Response to Original message
3. Well, this guy would have certainly agreed with you



Except he is dead now.
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southernyankeebelle Donating Member (1000+ posts) Send PM | Profile | Ignore Wed Sep-16-09 03:44 PM
Response to Original message
4. We have lost any privacy rights many years ago. Sad to say. I believe
that a person is innocent until proven other wise. Saying "Person of Interest" is like saying the man is guilty before he is even has a lawyer.
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treestar Donating Member (1000+ posts) Send PM | Profile | Ignore Wed Sep-16-09 03:45 PM
Response to Original message
5. No, the slippery slope of controlling the media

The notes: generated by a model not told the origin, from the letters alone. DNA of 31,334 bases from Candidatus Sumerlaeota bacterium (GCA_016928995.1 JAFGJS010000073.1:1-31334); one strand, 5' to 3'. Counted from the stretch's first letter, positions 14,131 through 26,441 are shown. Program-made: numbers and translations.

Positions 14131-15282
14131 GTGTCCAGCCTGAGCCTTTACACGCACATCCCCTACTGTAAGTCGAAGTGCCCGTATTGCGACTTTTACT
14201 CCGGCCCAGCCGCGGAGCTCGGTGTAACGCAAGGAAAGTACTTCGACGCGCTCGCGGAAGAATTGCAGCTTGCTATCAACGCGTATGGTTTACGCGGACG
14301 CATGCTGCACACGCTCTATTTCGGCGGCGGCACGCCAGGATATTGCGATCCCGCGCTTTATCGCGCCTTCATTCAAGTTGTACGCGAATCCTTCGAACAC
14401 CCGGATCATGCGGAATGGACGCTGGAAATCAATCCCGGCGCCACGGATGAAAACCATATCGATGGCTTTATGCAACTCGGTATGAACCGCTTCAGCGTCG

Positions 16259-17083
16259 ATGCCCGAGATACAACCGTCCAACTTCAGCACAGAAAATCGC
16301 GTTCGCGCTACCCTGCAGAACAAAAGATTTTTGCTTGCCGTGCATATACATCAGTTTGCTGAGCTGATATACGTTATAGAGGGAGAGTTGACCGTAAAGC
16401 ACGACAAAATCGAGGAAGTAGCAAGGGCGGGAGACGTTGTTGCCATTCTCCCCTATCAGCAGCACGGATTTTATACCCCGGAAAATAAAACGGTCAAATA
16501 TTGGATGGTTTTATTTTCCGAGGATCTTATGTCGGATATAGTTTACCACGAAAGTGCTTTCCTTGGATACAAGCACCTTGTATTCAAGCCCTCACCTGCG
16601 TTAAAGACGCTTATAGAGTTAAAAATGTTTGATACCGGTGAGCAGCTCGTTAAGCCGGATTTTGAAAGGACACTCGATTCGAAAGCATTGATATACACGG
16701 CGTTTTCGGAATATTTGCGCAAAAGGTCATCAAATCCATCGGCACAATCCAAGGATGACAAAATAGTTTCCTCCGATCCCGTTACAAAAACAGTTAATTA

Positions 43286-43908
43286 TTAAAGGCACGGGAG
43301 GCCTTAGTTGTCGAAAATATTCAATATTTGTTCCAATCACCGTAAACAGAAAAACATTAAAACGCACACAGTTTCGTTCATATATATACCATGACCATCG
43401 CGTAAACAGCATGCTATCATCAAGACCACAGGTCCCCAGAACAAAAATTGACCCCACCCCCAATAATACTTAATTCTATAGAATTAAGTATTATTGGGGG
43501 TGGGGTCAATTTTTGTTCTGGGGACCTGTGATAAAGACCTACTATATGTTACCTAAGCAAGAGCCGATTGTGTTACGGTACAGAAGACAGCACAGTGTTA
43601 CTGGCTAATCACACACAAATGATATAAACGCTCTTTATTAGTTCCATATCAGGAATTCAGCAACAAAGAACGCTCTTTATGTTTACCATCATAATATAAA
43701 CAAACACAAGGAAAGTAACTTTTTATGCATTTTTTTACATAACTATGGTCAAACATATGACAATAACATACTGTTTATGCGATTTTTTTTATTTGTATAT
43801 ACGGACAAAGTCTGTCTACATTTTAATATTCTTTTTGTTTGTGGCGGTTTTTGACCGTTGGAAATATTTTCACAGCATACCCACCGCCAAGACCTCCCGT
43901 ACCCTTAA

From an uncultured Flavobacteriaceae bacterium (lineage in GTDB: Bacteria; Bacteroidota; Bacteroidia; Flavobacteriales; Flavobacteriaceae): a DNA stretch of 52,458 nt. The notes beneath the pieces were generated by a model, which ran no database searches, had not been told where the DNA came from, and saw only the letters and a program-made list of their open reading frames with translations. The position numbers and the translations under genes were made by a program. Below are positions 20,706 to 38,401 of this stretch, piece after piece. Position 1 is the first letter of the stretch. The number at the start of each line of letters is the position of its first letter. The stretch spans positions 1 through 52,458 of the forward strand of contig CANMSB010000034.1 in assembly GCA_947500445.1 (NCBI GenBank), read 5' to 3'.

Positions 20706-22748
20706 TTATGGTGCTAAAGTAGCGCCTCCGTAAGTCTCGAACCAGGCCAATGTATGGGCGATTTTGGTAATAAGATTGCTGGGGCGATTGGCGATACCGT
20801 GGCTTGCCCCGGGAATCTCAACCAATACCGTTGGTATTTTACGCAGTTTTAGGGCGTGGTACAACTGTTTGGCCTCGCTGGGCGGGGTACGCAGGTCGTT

We all take that risk, among others, that maybe we'll be falsely accused. But it's better than the alternatives. At least in theory the press is free and can publish in sympathy with us when we are cleared.

That's why we should never have anything so final as the death penalty.
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ThomWV Donating Member (1000+ posts) Send PM | Profile | Ignore Wed Sep-16-09 04:06 PM
Response to Original message
6. What was he guilty of that he deserves public ridicule?
Edited on Wed Sep-16-09 04:06 PM by ThomWV
They did nothing wrong, no court convicted them, so why should they be subject to public ridicule?